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What is a trade mark?

trademark. coffee cup.

Trademarks are badges of origin. They distinguish the goods or services of one trader from another and can take many forms; for example words, slogans, logos, shapes, colours and sounds.

Trademarks are registered for specific goods or services within individual subjects, known as classes. It is possible for others to register identical or similar marks as long as it is in a different, unconnected class. For example Swan rental cars, Swan matches and Swan electrics. There are 45 classes to choose from, a list of which can be found here.

They should not be descriptive and must not include common surnames, geographical names, registered company names or anything implying royal patronage. In Europe, trade marks must be registered in order to have protection. Provided they are looked after properly, see below, a trade mark can last indefinitely.

To continue protection the trademark must be:

  • Used in commerce

  • Have fees paid as required to keep it in force

  • Must not become generic, such as a noun or verb in common usage

  • Must be identified as a Trademark by ® in some countries

Make sure that your chosen trademark does not infringe someone else’s and that you are free to use it. You can complete a free search in the Business & IP Centre. This database is linked directly to the Intellectual Property Office. Decide which types of goods or services you need to protect. You should think about your future plans to ensure your protection covers all the areas your business might need. Think about the geographical coverage you need. You can register a trade mark to protect you in the UK, throughout the European Union, Internationally or in individual countries.

Ensure your trade mark is used in the correct way. It is the mark that identifies your goods or service to consumers, so incorrect use could harm your reputation. Allowing your trademark to become a generic name, like aspirin, escalator and linoleum, results in the loss of your trademark – so beware. Once you have a registered trade mark you need to check to make sure no-one infringes it by having a similar trade mark in the same classes as your goods and services.

If you see someone infringing your trade mark, seek advice from a trademark attorney. They can take action to stop the infringement or could negotiate on your behalf to license your trade mark. Cases rarely end up in court though that is the ultimate sanction of owning a trademark. For a British trademark fees are required every 10 years to keep a trademark in force. Protection in Britain can also be obtained by using a national mark. Since 1st April 1996 two schemes have become available:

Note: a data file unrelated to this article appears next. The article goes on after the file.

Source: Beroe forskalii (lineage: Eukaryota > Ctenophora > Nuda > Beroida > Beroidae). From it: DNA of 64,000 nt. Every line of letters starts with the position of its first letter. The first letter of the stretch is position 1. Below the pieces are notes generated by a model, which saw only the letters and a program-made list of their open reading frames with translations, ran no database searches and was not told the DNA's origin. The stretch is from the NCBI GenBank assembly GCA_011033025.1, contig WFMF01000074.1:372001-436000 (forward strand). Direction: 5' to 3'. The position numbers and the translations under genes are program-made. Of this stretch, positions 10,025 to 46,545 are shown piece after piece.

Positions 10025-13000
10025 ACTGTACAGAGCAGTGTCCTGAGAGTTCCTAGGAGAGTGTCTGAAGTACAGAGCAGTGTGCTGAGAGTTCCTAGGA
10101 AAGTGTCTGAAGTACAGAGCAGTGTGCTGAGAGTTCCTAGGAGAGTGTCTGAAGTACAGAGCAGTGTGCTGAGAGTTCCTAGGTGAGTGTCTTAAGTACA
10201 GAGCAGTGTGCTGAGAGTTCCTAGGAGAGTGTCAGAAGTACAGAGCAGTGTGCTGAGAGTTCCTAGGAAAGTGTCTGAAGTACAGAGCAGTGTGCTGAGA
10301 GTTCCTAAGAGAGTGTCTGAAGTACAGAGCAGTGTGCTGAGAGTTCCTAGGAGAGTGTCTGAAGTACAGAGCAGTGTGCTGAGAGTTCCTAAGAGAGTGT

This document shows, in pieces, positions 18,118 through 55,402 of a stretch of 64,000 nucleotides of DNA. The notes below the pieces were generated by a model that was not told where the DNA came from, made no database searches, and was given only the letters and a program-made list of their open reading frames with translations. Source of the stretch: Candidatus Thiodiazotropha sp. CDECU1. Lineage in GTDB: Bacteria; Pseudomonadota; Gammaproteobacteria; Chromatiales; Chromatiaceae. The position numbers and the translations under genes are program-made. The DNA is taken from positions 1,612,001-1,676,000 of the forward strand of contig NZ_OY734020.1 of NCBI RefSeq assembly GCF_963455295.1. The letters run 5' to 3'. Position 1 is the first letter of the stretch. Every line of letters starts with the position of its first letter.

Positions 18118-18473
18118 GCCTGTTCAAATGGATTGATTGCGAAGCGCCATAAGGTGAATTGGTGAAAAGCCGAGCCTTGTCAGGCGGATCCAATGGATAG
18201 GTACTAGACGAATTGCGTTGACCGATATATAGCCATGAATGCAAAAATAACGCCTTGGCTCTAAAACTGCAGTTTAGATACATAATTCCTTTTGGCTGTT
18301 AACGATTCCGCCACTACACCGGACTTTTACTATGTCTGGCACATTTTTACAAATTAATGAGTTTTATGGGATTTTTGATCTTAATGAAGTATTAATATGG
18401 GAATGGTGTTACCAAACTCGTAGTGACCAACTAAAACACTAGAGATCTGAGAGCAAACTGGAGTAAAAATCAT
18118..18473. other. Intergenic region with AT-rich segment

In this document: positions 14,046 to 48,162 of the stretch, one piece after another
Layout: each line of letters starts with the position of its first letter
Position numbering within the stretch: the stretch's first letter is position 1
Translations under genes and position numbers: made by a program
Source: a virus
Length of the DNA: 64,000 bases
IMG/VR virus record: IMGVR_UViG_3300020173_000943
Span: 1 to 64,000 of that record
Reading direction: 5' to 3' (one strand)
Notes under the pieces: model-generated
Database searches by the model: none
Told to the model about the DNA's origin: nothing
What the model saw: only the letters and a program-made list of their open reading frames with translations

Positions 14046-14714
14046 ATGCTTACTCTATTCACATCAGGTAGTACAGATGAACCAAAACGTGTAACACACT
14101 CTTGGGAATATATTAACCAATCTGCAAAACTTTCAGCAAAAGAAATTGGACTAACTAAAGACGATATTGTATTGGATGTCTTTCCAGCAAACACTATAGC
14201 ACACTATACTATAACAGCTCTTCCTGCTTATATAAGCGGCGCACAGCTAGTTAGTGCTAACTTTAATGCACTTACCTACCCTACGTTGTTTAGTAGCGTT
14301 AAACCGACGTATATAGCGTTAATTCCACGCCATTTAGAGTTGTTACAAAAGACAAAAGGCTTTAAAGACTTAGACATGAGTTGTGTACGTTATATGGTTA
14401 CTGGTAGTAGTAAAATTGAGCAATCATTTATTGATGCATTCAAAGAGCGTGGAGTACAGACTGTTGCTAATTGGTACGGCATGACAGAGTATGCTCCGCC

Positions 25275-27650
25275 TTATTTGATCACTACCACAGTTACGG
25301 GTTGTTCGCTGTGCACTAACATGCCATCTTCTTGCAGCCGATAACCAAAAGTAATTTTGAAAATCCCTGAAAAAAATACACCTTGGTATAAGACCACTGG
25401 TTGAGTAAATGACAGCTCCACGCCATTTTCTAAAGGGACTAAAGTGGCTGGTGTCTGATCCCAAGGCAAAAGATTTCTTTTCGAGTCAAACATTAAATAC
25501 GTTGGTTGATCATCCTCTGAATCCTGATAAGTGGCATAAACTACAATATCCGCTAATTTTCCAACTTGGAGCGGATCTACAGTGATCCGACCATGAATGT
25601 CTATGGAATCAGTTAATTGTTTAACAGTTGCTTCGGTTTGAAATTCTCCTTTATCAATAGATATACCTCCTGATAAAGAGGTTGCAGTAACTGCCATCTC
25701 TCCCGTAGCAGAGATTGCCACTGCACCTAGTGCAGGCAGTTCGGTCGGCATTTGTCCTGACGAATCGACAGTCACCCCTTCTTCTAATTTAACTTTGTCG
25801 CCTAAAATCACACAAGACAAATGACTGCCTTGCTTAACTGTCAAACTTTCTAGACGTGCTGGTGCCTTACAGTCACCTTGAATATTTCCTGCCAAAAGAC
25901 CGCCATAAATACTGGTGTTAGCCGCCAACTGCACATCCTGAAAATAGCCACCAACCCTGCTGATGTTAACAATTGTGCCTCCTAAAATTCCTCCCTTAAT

• The Community Trademark (OHIM, from Alicante, Spain). Details can be found in the Community Trademark Bulletin, This allows protection in designated states within this agreement the EU.

  • The Madrid Agreement Protocol, (By WIPO, Geneva). Details can be found in the WIPO gazette of international marks. This allows protection in designated states within the agreement Internationally.

Generally there are two types of trademark searching:

  • Trying to identify the proprietor of a known mark

  • Establishing clearance to use a Trademark

The latter is more complicated because it means searching for similar marks rather than an identical match. The phonetic spelling of a Trademark must be taken into account, also unregistered trade names not normally found on databases. Until recently the only international registration was 'The Madrid Agreement' but this did not include Britain or USA. ‘Les Marques Internationales' published from 1893 arranges the registrations in numerical order with annual name indexes. In 1996 the gazette changed its name to 'WIPO-Gazette of International Marks'.

In April 1996 'The Protocol to the Madrid Agreement involves designating member states, which then have the freedom to refuse registration. This does not affect registration elsewhere. The new scheme for Community Trademarks also became available from 1996. Registrations are valid for the entire of the European Union. As with Madrid a country can object to a registration, but in this case the entire registration for the EU will fall if the objection is sustained. The Paris Convention of 1883 regulated trademark activity - it provided for the '6ters'. Marks for governmental or inter-governmental organisations where a flag, names, initials etc. are excluded from registration.

If you need more help you can visits the Business & IP Centre Northamptonshire or contact The Intellectual Property Office: The IPO is the official government body responsible for granting Intellectual Property rights in the United Kingdom. Can be contacted by phone - 0300 300 2000 or by email. You can take a look at their web page.

Still unsure whether a trademark is a suitable form of intellectual property protection for your work? Make sure you check out our intellectual property page and use the available free web databases to see if a trademark is available for your business idea.

This article first appeared on the British Library’s Business & IP Centre website. View here.

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